We never want to add a pure reactance to an unknown impedance to suppress signals! It might just as likely make things worse as better.

All across HF 73 material has higher impedance, and at some frequencies 4 times as much as 43 materials. Worse yet, 43 material has a high Q, which means it may increase noise coupling in cases where the line has a capacitive reactance where installed.

77 materials would be similar to 73, and would be a much better choice for low power suppression, like computer, ignition, or pump noise. As a matter of fact the impedance ratio advantage is 4:1 at lower HF and it is higher all across the HF bands with 73 and 77 materials having significantly more resistance than reactance across the HF spectrum.

For noise abatement, that's what we want. Inductance, which comprises most of the 43 materials impedance, can actually INCREASE noise levels if the position on the lead you are placing it over exhibits capacitive reactance! A resistance will always decrease noise levels. A reactance might very well increase it.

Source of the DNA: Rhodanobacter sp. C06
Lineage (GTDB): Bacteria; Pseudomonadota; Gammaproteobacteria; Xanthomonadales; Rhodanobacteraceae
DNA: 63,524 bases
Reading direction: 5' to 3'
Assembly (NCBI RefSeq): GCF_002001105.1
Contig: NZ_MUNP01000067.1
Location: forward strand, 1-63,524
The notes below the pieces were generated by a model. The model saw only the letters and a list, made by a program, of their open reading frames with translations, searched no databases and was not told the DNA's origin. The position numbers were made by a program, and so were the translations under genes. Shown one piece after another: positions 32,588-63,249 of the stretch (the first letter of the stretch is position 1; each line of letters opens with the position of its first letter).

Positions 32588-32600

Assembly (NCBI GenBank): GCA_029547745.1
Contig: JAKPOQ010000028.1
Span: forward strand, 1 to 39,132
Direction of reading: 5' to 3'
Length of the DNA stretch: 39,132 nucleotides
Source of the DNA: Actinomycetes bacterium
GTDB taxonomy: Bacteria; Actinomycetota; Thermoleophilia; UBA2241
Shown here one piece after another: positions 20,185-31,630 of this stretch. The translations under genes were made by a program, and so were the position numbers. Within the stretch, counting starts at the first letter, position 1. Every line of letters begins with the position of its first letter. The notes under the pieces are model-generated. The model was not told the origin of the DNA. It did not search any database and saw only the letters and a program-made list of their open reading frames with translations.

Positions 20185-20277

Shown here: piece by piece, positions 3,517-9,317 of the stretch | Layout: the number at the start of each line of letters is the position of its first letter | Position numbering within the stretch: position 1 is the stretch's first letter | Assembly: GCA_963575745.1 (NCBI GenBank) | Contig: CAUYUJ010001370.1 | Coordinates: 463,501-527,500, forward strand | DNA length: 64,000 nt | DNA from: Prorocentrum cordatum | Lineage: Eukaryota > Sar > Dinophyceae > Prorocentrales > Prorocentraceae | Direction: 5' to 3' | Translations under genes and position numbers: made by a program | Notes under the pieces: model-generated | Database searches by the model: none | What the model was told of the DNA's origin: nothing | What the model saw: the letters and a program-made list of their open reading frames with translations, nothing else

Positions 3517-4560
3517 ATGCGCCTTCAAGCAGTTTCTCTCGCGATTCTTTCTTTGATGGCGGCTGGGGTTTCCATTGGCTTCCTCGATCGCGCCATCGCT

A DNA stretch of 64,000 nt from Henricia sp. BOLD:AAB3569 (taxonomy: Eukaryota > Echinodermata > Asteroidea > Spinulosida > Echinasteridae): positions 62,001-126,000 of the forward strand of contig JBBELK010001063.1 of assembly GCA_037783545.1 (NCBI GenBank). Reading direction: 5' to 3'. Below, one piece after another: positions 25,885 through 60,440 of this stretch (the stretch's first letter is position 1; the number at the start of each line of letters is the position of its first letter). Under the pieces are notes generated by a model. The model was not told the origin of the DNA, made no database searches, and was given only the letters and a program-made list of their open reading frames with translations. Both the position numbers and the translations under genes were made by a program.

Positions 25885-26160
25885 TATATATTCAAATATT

73 Tom
 
RE: Another Look at Noise Abatement  
by K2WH on April 23, 2004 Mail this to a friend!
OK, I read it all. So, can one use a snap on ferrite beads using all (3) types mentioned in series on the same lines to take care of the entire HF spectrum?

K2WH

 
RE: Another Look at Noise Abatement  
by K4JSR on April 23, 2004 Mail this to a friend!
Only if you admit that the beads are DUDES!
 
RE: Another Look at Noise Abatement  
by AD7DB on April 23, 2004 Mail this to a friend!
K0BG: Great article as always, and much appreciated.

W1RFI: "QSTreet"? A Freudian slip perhaps? :) Treet is Armour's version of Hormel's Spam.
 
RE: Another Look at Noise Abatement  
by WB2WIK on April 23, 2004 Mail this to a friend!
Nice article, Alan!

If gasoline gets any more expensive, it will cost $5 per QSO to operate mobile...here in CA, it will be more like $8.

I've got my own noise level down to "nothing" when I start my engine. Now, what do I do about everybody else on the road? :)

WB2WIK/6





 
RE: Another Look at Noise Abatement  
by K2WH on April 23, 2004 Mail this to a friend!
Hey Steve, can an individual order small quantities from Fair-Rite? Or do you have to buy a kabillion at a time.

Nice instructive website (Fair-Rite).

K2WH
 
Another Look at Noise Abatement